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The second biggest health insurer in the US, Anthem Inc., suffered a data breach that affected 78.8 million individuals.  This is only one of the latest breaches to affect a healthcare provider and is a sign to the industry that something needs to change when it comes to security.


The Anthem incident involved hackers gaining access to names, dates of birth, member IDs and Social Security numbers, addresses, phone numbers, email addresses, and employment information, including income data.  Although there was no evidence that financial data and medical information had been compromised, enough information was taken to steal the identities of the affected individuals.


Identity theft can take a major toll on individuals causing negative repercussions to their reputation, not to mention the financial damages they might face.  According to the fifth annual Medical Identity Theft study, conducted by the Ponemon Institute, medical identity theft has increased 21.7 percent since last year.  53 percent of surveyors indicated that they thought it was very likely or likely that healthcare provider negligence contributed to medical data theft incidents. Also, when asked if they were confident in their provider’s ability to protect their information, 68 percent said they were not.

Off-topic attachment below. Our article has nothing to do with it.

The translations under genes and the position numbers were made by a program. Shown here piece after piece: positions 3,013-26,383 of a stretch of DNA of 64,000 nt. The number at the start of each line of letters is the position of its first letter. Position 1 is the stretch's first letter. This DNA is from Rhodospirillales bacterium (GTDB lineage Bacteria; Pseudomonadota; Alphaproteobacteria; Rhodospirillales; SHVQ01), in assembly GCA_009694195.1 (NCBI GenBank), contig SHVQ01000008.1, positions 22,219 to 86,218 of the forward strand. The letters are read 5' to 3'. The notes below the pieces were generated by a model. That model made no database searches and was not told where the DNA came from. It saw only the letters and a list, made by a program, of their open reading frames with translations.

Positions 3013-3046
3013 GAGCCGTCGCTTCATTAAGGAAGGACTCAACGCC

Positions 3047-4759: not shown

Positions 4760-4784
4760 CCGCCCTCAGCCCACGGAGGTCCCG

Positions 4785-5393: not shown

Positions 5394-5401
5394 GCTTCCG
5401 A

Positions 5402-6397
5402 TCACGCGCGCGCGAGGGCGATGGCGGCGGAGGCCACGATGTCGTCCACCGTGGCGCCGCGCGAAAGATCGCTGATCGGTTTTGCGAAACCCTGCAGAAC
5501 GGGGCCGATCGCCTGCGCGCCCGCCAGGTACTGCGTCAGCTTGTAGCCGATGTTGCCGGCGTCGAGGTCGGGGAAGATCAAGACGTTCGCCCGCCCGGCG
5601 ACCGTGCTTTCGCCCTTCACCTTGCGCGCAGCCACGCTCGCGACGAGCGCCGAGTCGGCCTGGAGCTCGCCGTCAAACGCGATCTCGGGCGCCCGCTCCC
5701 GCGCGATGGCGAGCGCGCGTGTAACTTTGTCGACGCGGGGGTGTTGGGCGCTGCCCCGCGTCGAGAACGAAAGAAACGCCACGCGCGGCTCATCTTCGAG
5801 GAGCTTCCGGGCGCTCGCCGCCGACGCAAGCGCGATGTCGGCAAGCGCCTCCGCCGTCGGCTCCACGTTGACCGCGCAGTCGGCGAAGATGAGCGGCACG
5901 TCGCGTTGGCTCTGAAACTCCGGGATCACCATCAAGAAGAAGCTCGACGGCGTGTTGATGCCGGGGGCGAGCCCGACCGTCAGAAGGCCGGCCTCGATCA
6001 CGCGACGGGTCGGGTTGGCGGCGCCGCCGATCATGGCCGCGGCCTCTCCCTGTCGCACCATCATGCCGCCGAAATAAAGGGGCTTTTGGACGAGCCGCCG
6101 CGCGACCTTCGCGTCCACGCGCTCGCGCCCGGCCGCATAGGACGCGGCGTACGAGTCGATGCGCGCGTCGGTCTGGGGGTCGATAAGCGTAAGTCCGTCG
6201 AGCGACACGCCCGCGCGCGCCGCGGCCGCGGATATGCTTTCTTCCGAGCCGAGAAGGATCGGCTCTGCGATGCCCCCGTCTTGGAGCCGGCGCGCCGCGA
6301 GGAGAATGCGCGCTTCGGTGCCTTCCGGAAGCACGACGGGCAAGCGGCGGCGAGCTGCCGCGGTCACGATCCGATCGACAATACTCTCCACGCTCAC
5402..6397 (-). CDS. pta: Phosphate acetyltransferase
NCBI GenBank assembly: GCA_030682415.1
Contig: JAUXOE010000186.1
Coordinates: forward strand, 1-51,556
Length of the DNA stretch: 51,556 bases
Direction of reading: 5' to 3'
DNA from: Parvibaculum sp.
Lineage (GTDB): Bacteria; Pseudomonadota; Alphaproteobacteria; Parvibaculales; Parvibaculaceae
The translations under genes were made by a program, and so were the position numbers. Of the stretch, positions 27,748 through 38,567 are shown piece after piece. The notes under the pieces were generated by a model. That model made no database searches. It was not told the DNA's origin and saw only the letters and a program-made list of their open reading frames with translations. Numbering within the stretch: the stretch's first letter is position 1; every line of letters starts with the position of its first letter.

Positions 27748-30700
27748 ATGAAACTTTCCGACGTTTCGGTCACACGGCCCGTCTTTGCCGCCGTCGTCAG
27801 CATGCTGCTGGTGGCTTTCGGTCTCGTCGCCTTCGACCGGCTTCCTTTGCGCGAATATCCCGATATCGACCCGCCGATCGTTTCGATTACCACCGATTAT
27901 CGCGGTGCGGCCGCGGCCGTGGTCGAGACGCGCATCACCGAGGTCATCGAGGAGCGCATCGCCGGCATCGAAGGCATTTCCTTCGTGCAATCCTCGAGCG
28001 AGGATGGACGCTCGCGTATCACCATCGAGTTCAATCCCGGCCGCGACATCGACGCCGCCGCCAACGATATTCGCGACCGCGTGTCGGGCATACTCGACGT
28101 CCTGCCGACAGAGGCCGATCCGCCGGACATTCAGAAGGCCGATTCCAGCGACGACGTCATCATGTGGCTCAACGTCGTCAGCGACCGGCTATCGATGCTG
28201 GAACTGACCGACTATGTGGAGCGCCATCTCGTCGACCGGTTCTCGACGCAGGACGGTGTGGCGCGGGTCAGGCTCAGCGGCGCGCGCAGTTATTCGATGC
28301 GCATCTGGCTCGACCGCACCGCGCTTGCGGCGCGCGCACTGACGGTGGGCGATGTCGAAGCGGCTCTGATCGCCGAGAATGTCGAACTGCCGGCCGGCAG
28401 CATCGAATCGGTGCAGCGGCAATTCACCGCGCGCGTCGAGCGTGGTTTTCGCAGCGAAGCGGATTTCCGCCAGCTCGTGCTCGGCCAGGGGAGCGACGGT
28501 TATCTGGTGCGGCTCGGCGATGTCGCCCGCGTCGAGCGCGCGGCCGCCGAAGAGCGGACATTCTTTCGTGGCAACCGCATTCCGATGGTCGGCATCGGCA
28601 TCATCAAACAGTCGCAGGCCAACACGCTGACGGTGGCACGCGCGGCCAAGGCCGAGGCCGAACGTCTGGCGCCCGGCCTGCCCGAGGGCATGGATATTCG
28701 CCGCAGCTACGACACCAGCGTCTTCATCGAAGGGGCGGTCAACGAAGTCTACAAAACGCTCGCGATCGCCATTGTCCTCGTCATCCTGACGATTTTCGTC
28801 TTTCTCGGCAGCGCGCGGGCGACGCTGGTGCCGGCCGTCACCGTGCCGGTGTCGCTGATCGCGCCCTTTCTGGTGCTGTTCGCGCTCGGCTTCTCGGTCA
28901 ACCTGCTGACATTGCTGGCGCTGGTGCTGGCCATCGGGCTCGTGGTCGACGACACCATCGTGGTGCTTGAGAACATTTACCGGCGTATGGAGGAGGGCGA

Healthcare organizations face increasing security risks due to the valuable data they hold. Although organizations are taking steps to strengthen their security programs, research indicates that the majority lack budget and resources to prevent or detect breaches.  Ponemon research also shows that patients and their PHI are at greater risk for medical identity theft. These risks have only increased with the adoption of mobile and cloud technology; and even though 48 percent of organizations conduct security risk assessments, only 16 percent conduct privacy risk assessments.


Furthermore, 73 percent of healthcare organizations still have insufficient resources to prevent and detect data breaches. Add to this the fact that 67 percent of organizations don’t have controls to prevent and/or quickly detect medical identity theft; and we see how breaches such as Anthem or CHS can occur.


Data breaches are an ongoing operational risk and could be costing the U.S. healthcare industry an average of $7 billion annually.  It’s time for healthcare executives to make some major changes to their security program if they wish to avoid being the next Anthem or CHS.


Have you implemented a security posture that keeps your organization and PHI secure from theft?


Photo courtesy of Brian A Jackson